Alteration of Supplement Nitrogen-Sulfur Ratio by Increasing Sulfate Supplementation Affects the Rate Rather Than the Extent of Fiber Degradation in Cattle Fed a Matured Tropical Grass Hay

Morrison, M, Boniface, AN and Murray, RM (1994) Alteration of Supplement Nitrogen-Sulfur Ratio by Increasing Sulfate Supplementation Affects the Rate Rather Than the Extent of Fiber Degradation in Cattle Fed a Matured Tropical Grass Hay. Journal of the Science of Food and Agriculture, 65 4: 449-455. doi:10.1002/jsfa.2740650413


Author Morrison, M
Boniface, AN
Murray, RM
Title Alteration of Supplement Nitrogen-Sulfur Ratio by Increasing Sulfate Supplementation Affects the Rate Rather Than the Extent of Fiber Degradation in Cattle Fed a Matured Tropical Grass Hay
Journal name Journal of the Science of Food and Agriculture   Check publisher's open access policy
ISSN 0022-5142
Publication date 1994-08-01
Year available 1994
Sub-type Article (original research)
DOI 10.1002/jsfa.2740650413
Open Access Status Not yet assessed
Volume 65
Issue 4
Start page 449
End page 455
Total pages 7
Place of publication W SUSSEX
Publisher JOHN WILEY & SONS LTD
Language eng
Abstract There is a need to understand how supplement N : S ratios can affect ruminal fermentation and ultimately, nutrient supply, in grazing animals. The following experiment was undertaken to describe the effect(s) of supplement N : S ratios upon the rate and extent of ruminal degradation of poor quality native pasture hay. Four rumen fistulated Brahman x Shorthorn (Droughtmaster) steers, fed chopped Black Spear Grass hay, received either no intraruminal supplement, or urea plus sodium sulphate to give supplement N : S ratios of 23 : 1, 16: 1, 11.5: 1, 10: 1 and 4: 1. The level of urea supplementation was kept constant and maintained rumen ammonia concentrations in excess of 100 mg litre(-1). No differences were observed in voluntary feed intake in response to different supplement N : S ratios. The extent of rumen fermentation as measured by the nylon bag technique and apparent organic matter digestibility in vivo were similar for supplement N : S ratios of 16 : 1 and lower, and total intake of digestible organic matter was maximal with a supplement N : S ratio of 10 : 1. Increasing levels of S supplementation were found to increase the rate of rumen fermentation.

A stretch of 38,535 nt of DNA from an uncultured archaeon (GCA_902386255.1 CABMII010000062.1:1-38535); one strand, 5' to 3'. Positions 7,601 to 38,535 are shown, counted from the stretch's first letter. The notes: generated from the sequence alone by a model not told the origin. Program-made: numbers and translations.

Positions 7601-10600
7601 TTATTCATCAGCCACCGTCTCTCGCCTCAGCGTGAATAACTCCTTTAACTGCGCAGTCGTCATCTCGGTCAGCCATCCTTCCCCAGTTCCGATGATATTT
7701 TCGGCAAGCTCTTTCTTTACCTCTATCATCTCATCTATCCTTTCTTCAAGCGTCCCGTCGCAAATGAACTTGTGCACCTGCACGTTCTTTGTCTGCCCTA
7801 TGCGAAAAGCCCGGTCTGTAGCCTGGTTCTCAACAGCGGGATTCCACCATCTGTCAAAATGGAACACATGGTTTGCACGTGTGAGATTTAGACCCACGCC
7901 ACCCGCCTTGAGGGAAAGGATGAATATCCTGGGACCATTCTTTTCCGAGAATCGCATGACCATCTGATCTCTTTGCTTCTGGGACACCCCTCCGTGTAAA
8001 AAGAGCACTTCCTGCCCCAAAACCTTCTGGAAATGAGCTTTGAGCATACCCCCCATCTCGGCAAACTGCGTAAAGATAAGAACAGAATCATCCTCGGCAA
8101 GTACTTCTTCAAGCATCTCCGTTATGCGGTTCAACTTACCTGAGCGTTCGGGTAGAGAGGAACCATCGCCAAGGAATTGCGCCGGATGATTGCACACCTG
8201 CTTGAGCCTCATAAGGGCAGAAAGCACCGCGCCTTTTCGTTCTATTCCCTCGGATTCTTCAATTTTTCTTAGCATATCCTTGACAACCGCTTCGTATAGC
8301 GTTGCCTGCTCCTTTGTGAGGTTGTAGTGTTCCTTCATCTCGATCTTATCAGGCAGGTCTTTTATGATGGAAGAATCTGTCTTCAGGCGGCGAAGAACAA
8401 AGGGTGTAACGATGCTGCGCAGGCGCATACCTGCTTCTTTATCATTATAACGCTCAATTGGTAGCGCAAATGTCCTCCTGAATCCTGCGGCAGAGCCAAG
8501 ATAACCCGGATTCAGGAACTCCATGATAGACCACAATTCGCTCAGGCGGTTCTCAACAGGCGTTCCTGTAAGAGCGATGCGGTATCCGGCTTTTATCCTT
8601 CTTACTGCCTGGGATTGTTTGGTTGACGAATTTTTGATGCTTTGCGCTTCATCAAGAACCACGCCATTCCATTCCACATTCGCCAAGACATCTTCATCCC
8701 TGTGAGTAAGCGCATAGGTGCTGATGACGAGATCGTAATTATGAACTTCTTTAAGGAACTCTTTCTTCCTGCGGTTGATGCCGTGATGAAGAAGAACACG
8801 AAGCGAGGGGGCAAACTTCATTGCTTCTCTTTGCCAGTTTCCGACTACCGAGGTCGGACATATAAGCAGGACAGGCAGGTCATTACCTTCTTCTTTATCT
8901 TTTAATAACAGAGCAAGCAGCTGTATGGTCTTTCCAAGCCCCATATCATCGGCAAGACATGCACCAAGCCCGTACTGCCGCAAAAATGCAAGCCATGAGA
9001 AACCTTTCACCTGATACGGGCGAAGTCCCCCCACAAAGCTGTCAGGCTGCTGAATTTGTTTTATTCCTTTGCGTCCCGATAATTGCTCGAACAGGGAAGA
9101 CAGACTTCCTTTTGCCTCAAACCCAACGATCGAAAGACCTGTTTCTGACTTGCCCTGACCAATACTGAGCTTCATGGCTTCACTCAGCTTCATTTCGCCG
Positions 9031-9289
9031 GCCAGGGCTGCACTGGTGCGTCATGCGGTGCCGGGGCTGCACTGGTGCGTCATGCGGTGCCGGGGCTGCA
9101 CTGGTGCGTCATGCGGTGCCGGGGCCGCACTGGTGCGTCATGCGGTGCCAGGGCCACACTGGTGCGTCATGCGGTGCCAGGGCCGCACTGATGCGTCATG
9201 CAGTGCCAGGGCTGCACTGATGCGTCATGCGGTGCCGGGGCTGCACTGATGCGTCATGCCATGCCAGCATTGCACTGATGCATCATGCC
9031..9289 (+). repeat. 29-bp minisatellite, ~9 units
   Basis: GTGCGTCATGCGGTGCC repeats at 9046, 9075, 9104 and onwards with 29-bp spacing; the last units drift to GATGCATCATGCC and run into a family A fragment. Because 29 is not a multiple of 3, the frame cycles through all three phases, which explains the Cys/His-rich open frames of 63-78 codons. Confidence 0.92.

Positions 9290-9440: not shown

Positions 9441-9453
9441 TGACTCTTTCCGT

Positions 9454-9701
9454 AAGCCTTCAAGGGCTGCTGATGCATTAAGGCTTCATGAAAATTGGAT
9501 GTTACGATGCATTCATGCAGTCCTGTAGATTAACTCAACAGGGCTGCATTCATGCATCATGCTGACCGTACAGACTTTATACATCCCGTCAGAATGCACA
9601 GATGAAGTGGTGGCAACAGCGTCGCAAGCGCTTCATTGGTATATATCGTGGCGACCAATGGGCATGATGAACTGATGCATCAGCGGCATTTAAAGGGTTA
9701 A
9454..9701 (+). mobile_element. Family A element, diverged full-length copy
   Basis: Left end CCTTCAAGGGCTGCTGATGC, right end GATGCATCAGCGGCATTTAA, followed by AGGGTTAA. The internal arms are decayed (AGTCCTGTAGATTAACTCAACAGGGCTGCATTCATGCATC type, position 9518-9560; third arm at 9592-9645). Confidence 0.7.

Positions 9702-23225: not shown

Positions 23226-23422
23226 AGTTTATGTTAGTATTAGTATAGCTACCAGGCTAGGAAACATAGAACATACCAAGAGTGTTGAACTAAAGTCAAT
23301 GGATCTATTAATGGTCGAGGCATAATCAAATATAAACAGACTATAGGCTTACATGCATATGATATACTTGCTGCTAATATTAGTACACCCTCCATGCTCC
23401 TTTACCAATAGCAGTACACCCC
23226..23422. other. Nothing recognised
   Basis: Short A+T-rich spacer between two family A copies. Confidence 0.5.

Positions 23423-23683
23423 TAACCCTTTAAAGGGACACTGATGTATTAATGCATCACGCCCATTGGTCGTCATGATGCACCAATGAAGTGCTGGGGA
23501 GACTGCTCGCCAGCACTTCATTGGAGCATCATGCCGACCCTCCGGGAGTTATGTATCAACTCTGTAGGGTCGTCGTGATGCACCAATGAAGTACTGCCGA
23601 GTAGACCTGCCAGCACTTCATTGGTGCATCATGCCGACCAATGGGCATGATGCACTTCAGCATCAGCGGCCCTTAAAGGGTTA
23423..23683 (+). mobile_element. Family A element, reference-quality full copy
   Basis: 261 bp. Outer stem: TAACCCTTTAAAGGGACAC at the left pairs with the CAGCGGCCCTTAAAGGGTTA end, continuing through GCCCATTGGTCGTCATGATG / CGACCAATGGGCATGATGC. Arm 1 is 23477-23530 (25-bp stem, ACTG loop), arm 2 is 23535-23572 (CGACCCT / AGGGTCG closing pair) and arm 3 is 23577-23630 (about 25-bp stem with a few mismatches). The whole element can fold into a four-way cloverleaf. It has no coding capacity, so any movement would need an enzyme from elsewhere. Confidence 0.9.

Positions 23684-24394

Keyword Sulfur
Fiber Degradation
Cattle
Rumen Microbiology
Cell-Walls
Digestion
Sulfur
Ruminant
Protein
Fungi
Q-Index Code C1
Q-Index Status Provisional Code
Institutional Status Unknown

Document type: Journal Article
Sub-type: Article (original research)
Collection: ResearcherID Downloads - Archived
 
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